threat like world citizens instead of the world's or flight where we find out if Darwin was right. classical to think of history and civilization as
police, this wouldn't have happened. Bush said We learn whether the end of the world is really the highest ideals our species can strive for.
the collective will of the world was behind us the end of the planet or really just the end of People were happier when they could live
when we went into this and he lied. . our consciousness as monkey-bound hominids. freely, before land was fenced off and slavery,
They say good writers write what they think Let's call this force the unforeseen. property, poverty and prostitution were invent-
about - and I know what I do is a lot of wor- So the "unforeseen" could be anything. It ed.
rying. I think about the end of the world or could be a lost American mind gunning from a And now the dominant dummies are forc-
to clarify, a moment where everything becomes bell tower. It could be 90 million Americans ing federal agencies to take public information
entirely different than it is now, and people can who stop taking their anti-depressants and deal from the Internet. They're killing people.
be truly free and happy. with what's happening around them. It could be Rumsfield and all the other military serial
At first I didn't think the end of the world good or bad. Giving cultural validity to the big killers are brutalizing nations under the very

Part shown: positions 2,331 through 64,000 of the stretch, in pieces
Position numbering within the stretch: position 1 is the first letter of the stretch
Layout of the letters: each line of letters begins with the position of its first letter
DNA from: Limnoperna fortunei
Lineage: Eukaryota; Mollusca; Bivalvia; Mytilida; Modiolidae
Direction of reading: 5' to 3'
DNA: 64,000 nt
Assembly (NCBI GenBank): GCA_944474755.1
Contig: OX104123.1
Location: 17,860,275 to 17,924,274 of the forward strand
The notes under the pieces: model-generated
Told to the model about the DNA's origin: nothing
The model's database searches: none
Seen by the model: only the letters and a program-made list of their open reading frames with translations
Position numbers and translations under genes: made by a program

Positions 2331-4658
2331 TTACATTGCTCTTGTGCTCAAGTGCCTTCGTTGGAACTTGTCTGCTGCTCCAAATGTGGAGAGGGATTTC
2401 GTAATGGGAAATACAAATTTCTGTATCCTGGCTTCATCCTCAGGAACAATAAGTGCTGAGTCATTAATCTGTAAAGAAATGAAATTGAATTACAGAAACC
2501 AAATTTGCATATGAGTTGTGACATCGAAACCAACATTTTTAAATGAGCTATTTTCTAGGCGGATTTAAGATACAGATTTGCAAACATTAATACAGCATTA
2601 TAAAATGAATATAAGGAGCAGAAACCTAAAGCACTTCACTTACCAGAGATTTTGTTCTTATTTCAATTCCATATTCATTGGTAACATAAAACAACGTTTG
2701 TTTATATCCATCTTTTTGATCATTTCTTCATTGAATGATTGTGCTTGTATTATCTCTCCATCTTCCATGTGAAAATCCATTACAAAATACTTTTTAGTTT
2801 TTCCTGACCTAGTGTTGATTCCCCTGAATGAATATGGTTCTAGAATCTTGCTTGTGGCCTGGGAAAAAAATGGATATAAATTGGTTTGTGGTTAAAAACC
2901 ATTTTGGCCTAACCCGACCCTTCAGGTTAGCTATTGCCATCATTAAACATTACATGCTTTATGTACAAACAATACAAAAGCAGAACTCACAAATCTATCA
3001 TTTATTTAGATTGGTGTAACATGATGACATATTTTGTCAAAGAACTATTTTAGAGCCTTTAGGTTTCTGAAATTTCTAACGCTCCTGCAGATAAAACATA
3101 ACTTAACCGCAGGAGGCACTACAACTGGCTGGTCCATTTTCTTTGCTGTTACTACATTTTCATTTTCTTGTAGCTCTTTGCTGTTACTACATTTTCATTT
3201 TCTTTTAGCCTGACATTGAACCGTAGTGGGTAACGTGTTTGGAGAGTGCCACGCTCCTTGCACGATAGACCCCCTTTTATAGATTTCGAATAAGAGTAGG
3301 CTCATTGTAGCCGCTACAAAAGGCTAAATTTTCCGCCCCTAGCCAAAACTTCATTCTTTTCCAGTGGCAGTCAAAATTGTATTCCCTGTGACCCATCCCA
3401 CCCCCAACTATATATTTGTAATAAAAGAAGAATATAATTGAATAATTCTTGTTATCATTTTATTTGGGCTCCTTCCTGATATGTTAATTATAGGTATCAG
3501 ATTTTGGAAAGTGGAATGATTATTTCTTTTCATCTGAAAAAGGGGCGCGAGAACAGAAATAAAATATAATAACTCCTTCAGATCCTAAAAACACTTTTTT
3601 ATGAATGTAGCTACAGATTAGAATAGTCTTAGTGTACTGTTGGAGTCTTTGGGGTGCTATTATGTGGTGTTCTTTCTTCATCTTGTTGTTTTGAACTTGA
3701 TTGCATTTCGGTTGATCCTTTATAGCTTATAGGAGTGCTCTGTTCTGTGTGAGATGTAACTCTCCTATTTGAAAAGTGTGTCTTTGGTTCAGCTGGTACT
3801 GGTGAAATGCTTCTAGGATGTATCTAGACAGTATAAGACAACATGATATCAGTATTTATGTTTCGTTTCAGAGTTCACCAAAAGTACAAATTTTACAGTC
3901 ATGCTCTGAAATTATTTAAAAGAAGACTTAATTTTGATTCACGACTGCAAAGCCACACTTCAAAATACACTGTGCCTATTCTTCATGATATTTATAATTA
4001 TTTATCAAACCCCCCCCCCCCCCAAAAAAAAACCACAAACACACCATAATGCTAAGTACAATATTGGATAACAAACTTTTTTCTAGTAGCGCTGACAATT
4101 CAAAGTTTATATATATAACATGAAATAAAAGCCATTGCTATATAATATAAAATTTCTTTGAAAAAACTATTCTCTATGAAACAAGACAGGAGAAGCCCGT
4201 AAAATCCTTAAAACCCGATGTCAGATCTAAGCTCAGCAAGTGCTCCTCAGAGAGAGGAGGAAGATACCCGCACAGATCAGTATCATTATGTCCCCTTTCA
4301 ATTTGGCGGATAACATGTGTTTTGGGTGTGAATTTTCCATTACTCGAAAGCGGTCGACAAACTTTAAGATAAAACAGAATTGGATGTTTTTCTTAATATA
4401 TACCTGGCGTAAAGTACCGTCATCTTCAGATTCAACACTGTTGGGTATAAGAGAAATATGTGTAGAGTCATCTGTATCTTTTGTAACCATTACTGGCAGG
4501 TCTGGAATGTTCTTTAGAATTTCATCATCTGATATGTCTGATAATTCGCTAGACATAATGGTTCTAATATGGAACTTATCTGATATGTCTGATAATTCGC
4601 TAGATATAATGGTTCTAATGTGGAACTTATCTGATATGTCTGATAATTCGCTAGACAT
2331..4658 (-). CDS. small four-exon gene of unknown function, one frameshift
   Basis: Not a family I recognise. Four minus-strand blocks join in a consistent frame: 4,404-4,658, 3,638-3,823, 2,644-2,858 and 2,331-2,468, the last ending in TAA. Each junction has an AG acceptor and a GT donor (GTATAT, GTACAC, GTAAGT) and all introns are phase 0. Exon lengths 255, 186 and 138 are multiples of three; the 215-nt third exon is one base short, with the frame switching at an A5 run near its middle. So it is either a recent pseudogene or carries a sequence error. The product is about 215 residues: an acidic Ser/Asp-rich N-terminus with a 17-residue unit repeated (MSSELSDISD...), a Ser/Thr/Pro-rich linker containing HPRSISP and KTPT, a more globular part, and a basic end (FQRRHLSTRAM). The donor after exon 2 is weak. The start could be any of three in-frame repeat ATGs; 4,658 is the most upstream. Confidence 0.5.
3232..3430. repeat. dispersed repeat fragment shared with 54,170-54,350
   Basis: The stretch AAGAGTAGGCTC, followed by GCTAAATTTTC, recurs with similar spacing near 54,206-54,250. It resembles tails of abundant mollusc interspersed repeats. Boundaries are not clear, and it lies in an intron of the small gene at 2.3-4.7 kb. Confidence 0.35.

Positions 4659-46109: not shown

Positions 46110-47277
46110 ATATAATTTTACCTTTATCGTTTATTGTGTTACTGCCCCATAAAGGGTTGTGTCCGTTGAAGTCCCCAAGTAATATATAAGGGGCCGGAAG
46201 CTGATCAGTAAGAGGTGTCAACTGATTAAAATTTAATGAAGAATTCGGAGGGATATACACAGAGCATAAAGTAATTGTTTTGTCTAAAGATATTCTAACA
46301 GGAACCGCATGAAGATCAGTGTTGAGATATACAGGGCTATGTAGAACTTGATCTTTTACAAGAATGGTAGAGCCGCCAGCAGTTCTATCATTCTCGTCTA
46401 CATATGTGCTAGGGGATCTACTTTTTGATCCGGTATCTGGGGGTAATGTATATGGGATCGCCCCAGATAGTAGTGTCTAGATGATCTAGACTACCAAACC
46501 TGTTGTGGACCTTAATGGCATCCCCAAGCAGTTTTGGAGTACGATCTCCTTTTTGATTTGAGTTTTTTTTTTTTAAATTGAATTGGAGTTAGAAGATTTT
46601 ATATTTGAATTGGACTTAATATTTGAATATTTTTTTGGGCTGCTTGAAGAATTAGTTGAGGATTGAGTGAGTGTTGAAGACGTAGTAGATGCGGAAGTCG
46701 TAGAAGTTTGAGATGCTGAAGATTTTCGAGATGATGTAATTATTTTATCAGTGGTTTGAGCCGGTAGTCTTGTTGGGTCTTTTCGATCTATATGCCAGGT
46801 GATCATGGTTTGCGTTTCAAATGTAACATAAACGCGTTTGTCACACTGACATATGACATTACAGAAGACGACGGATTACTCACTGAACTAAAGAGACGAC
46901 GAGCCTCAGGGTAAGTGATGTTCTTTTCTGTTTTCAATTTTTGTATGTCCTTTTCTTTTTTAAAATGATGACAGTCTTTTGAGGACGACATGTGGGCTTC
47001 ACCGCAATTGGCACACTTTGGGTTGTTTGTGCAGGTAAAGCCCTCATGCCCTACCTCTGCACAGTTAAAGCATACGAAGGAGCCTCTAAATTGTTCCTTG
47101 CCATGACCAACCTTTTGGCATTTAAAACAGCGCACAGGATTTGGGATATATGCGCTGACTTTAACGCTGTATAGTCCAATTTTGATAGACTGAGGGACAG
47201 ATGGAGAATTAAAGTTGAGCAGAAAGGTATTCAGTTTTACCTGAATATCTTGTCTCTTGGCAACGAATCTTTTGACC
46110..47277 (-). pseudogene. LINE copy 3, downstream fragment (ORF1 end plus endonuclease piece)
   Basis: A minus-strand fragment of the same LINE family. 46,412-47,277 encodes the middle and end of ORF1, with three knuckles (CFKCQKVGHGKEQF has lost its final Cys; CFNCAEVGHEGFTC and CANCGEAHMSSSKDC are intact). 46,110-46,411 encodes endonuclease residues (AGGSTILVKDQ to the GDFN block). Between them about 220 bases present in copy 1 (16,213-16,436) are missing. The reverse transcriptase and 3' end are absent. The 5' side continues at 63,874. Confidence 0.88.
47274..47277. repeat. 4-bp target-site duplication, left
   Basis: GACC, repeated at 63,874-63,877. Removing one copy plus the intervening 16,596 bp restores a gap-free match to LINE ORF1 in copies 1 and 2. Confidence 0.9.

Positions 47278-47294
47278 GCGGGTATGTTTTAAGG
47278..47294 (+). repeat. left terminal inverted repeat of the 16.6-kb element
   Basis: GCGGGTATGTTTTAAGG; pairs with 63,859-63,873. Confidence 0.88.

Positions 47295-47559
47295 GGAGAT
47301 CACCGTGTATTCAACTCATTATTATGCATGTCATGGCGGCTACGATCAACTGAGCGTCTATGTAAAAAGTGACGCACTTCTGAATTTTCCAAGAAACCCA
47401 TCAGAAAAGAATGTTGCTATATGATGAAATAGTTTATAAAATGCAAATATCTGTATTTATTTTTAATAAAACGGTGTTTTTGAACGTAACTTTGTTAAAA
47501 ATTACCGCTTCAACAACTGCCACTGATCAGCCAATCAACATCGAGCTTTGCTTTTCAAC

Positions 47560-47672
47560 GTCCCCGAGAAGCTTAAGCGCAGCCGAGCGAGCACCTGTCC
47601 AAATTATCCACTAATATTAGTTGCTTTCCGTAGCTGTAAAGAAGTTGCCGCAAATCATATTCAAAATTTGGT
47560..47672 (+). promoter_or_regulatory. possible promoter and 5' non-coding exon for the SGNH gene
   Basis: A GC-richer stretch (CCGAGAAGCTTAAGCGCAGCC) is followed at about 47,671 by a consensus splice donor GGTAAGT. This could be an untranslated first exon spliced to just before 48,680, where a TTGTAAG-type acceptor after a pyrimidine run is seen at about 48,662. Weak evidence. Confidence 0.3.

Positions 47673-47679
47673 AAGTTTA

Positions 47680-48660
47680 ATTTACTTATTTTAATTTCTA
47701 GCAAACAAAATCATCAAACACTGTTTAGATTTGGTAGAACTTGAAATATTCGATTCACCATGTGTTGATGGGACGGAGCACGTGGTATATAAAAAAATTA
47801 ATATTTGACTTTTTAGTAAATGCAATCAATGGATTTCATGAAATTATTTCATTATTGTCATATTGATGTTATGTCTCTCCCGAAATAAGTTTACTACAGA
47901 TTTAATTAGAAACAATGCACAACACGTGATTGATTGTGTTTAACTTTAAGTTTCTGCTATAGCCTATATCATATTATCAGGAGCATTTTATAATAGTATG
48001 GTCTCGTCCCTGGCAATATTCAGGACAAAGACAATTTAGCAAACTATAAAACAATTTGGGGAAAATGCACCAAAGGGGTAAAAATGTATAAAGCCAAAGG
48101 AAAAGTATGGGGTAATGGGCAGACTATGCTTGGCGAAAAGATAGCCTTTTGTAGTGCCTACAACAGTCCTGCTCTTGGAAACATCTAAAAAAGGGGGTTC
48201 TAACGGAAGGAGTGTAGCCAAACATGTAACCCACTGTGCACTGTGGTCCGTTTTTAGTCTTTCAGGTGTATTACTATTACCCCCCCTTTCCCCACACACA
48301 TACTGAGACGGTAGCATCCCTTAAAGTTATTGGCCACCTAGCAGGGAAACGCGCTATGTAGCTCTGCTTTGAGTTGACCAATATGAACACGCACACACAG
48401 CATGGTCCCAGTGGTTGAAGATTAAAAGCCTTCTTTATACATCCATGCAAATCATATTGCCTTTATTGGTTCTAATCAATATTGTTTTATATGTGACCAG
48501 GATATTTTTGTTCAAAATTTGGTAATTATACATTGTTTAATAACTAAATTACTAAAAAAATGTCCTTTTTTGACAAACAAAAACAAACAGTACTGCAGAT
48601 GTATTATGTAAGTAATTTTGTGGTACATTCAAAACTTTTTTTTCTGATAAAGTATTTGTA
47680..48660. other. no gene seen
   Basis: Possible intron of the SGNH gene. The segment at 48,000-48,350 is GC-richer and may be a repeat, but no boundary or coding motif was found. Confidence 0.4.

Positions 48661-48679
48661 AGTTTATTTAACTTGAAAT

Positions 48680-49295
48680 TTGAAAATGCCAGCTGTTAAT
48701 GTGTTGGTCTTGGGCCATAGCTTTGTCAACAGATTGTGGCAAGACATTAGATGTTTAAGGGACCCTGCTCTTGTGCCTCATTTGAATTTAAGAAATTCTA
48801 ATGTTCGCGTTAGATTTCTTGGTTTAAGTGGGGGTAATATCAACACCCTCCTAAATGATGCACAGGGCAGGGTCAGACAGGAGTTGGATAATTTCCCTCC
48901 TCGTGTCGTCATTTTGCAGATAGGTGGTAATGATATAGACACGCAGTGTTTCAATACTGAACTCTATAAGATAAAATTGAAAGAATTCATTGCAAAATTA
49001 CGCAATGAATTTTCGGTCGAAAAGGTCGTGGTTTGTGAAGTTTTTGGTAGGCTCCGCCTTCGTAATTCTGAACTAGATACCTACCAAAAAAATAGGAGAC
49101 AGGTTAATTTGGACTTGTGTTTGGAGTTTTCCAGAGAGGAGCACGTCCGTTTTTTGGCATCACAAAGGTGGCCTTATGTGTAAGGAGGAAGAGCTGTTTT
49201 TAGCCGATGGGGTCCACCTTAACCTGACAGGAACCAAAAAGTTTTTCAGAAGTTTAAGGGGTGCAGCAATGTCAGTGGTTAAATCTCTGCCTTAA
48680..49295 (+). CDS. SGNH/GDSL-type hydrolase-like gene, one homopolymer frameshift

was necessary because people know they don't three religions, this force could be very well be definition of terrorism that was defined by our
have to play the games they play. People are God. But God is dead, man. military. They're still detaining post-Sept. I1th
fairly intelligent beings, having the best- Science tells us that all moments of great suspects without warrants, using drugs on some
equipped infortnation-processing machines in evolution have taken place during crisis, where to coax things out of them. They've got 2 mil-
the known universe lodged between their ears. the dominant forms of life are wiped clean and lion of us locked away in prison cells. They've
We're smart enough to figure out that if every- made subservient to a greater power. Physicist duped us, my friends.
one had just stopped working 13,000 years ago Freeman Dyson proposes that this great power I know they say we should wait it out and
at the advent of human history, we would have will be the life sciences, which will be at the go for the long haul, but the long haul sucks.
been better off, right? You know, John disposal of only the very wealthy, creating the The moment is now. Sometimes it seems that
Lennon's dream: Peace, man. Stop working ultimate class waf where lower classes will be independent-minded, mythic American individ-
and live. Think of all that "C'mon and take it at an extreme biological disadvantage. For one ualism, if it exists anywhere now, is the only
easy" propaganda. thing, this ignores the power of communica- thing left worth fighting for in this country, but